The possibilities for creation and insight are endless. We’re constantly collecting more data, and it’s starting to be very relevant to our lives.
Why do people visit Best Buy? Walmart? Costco? Ogilvie & Sons? Is it because these retail stores have better products than their competitors? Or is it because of something intangible? Something like . . . selection?
Successful retailers, like Ogilvie’s, rely on their selection as a statement of their position in the market. People come to their stores because they know what they will find. Curation is not just about the number of products they make available; it is also about the quality of those products. If Best Buy had the biggest selection of electronics, but all the products were subpar, few would frequent its blue and yellow buildings.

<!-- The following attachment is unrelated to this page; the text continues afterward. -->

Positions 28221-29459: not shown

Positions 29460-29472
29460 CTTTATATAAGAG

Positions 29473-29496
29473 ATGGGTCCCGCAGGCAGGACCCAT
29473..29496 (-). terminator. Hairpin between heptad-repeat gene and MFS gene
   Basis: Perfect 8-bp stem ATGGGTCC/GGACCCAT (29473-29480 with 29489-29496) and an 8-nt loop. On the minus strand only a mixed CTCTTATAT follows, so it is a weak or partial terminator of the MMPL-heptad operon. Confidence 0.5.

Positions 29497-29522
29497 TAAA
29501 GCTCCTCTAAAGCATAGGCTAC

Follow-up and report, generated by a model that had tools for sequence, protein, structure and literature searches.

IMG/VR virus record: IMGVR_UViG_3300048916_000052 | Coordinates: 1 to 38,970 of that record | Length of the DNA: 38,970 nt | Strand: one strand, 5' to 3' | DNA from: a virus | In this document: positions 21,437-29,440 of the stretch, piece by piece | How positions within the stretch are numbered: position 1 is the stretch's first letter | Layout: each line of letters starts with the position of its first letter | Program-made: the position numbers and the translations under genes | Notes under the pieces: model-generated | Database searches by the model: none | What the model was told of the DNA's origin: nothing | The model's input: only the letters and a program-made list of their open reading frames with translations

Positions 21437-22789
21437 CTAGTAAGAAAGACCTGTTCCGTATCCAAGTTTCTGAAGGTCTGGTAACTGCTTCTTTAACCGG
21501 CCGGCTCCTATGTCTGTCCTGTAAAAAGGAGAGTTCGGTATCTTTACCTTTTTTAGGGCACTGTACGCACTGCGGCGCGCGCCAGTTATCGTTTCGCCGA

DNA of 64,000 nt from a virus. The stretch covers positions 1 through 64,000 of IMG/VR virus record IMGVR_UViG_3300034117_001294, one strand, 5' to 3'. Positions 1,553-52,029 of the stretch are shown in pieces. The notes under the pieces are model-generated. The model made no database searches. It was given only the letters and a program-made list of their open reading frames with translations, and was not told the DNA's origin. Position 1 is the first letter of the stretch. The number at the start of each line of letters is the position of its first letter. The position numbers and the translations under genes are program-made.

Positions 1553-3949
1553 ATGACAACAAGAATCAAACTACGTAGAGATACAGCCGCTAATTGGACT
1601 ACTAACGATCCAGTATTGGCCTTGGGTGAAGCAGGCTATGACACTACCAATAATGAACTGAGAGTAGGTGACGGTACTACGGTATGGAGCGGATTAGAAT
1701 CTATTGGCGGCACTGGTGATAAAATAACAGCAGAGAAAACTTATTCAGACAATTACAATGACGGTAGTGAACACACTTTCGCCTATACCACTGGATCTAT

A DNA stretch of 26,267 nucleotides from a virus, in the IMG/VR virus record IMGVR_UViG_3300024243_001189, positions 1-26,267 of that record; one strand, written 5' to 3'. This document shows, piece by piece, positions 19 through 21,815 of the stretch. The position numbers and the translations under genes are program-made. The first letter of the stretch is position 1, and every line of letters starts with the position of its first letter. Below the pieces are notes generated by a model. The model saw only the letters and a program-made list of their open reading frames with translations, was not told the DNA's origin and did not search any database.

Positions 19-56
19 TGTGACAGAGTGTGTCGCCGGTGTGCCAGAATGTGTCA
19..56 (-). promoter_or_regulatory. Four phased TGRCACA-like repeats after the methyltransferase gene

Selection is another element that influences relationships. We frequent stores that reflect our interests, values, and tastes. The keepers of those stores help save us time by curating amongst all the potential choices we face, finding items we value and presenting them to us for simple selection. Marjory, our harried young mom with the budding Ringo in tow, could have mounted a search for child safety equipment to cut short his drumming career. She might have read up on the latest developments in the field, searched online for recommendations, checked with Massachusetts child safety officials on regulations, and eventually made a decision, found a source, ...